“To the woman, who fought for us through all the constant struggles and mistreatment, I am forever grateful,” Shaw declared.

The towering striker, who is one of only a few players to have represented Jamaica at the Under-15, Under-17, Under-20 and senior levels, simultaneously at times, recalled when JFF cut the women’s programme due to a lack of funding.

With over three years of inactivity at that time, the country was kicked off the FIFA Women’s World Rankings. However, Marley gave the programme a new lease on life in 2014.

Through her tenacity and committed fundraising efforts, Marley ensured the Reggae Girlz have not only etched their names in the annals of Jamaica’s and the world’s sporting history on numerous occasions, but are currently ranked at number 40. They only recently slipped from the country’s highest ever ranking of 37.

“When the senior programme was abandoned in 2008, due to lack of funding, there was no senior pathway. In 2014, 10 years ago, you came, and you kept every young girl’s hopes alive to one day represent Jamaica at the highest level,” Shaw said.

“(I remember) when you said ‘they said y’all couldn’t, and I said tell me why. When they said y’all wouldn’t, I said watch me.’ Here we are years later, qualified for two World Cup back-to-back, all because of your dedication and willingness to ensure we are given an opportunity. For that I am forever grateful,” she added.

Despite her resignation, Marley declared that she would continue to support the Reggae Girlz’ journey via the Football is Freedom initiative.

The Bob and Rita Marley Foundation has also cut ties with the country's governing football body in what it said was a move was to “reassess its priorities.”

It is every young footballer's dream to play on the global stage, but first they would require the necessary platform to parade their skills with hopes of being recognized by astute overseas-based coaches.

Such is the case for some of the Caribbean's top young players, who are provided an opportunity to take their talents beyond the shores and, by extension, bring their dreams of making it big on the global stage within reach, courtesy of the Caribbean Premier Showcase.

The Caribbean Premier Showcase, conceptualized by Jamaican-born Oniqueky Samuels in 2014, was meant to be a mere recruitment drive for universities and colleges in the United States, but has since blossomed into a developmental workshop.

The event is designed to test the mettle and skills of players from across the region under the watchful eyes of over 30 coaches from universities, colleges, clubs and academies across the world.

Having made stops in Trinidad and Tobago and Grenada over the years, Samuels, the Men’s Head coach and International Advisor at the University of Maine, Fort Kent, has opted to bring the showcase back to Jamaica, with action scheduled for Friday and Saturday starting at 9:00am.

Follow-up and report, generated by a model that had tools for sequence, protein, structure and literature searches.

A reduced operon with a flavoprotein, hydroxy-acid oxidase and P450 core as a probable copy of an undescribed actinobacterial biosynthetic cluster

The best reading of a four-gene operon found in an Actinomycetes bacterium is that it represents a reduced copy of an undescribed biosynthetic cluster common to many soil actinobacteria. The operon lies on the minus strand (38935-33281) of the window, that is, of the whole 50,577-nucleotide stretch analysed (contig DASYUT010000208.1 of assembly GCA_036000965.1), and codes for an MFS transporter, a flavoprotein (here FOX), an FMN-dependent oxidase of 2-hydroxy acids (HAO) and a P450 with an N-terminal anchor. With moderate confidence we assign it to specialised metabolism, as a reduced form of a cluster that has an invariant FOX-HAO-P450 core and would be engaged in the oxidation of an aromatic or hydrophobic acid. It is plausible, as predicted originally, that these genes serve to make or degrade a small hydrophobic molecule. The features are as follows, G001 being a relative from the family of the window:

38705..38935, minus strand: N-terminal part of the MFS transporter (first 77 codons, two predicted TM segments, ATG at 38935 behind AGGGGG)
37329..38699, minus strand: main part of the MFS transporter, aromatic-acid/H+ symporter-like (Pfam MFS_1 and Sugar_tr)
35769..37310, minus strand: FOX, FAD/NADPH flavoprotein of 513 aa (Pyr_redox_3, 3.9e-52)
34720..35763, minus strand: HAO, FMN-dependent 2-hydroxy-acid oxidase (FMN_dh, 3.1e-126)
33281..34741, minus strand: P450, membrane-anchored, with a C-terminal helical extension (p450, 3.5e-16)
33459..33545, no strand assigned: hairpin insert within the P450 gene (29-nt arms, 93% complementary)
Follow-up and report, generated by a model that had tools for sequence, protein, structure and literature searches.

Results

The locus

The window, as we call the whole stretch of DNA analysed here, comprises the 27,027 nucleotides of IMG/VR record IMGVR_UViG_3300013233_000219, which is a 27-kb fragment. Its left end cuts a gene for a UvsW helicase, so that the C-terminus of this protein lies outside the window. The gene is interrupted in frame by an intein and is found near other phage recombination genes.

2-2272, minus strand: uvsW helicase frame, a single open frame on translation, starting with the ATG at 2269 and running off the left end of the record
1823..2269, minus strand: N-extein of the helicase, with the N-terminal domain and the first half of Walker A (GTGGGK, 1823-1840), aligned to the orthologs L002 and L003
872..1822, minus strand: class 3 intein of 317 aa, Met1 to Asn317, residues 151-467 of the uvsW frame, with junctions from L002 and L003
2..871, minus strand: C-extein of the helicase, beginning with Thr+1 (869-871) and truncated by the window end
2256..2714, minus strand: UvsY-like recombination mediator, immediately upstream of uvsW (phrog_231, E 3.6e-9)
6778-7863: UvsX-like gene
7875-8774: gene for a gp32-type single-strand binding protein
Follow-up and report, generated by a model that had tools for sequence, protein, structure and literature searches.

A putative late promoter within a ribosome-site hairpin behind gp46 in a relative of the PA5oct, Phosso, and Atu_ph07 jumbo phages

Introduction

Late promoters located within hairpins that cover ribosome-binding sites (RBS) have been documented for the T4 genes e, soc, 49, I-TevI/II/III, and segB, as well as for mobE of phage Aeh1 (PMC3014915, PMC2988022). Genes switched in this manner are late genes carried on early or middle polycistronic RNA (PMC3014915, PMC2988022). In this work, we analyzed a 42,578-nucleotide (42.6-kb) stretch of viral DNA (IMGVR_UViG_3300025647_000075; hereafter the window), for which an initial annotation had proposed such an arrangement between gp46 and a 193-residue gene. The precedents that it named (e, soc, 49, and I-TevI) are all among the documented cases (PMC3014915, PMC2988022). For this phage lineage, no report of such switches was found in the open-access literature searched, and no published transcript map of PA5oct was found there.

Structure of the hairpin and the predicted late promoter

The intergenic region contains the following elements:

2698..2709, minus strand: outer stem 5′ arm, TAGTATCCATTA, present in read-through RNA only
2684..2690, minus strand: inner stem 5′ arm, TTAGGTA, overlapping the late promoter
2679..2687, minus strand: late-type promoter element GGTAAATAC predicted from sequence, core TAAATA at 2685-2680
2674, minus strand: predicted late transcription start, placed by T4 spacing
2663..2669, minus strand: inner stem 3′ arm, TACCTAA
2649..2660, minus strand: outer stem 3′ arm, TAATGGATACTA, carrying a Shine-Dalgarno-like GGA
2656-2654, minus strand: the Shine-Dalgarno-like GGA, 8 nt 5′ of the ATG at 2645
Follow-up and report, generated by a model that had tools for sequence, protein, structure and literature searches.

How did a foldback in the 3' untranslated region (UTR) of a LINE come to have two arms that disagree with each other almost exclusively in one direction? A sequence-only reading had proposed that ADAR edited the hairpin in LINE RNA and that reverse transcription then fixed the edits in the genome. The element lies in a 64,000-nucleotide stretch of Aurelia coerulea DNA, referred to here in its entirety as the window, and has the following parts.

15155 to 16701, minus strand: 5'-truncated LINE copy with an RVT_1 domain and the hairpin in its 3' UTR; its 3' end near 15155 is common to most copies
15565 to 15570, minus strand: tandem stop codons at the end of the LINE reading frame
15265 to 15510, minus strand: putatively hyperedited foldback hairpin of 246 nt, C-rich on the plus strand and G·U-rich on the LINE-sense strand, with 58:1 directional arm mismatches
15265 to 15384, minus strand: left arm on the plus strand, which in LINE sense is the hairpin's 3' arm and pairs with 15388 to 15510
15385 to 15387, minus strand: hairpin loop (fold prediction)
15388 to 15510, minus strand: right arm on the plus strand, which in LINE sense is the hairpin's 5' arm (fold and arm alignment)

St Elizabeth Technical High School (STETHS) Sports Complex in Santa Cruz will be the first stop, before Samuels and team cap things off at the UWI-JFF Captain Horace Burrell Centre of Excellence in Kingston.

The showcase involves a number of games in the morning from which coaches will select the various players they want to see advance. In the afternoon, an All-scholastic team, selected by ISSA, will square off against an All-star team selected by the coaches. Following those engagements, the All-manning and All-daCosta Cup teams will lock horns against the All-star teams selected by the coaches.

After leaving Jamaica the Showcase will head to Trinidad and Tobago, Grenada and St Vincent and the Grenadines.

Samuels pointed out that his inspiration to launch such an initiative stemmed from his own journey, as he was awarded a scholarship to the University of Maine, Fort Kent in 2007, and has made full use of the opportunity.

The soft-spoken Samuels completed two degrees at Maine, Fort Kent, and later transitioned to Union College where he started his coaching career. After spending two seasons at Union as a graduate assistant, he was hired by Maine, Fort Kent as an academic advisor and assistant coach, before taking the reins as of his current position in 2018.

“I'm excited about how everything is manifesting. It started as just an itch to give back to young Jamaicans as soon as I got an opportunity coaching. So, I wanted to recruit you know personnel from similar background as mine and it has transitioned into this that you're seeing now,” Samuels, who is also the founder of the Samuels Soccer Foundation, shared.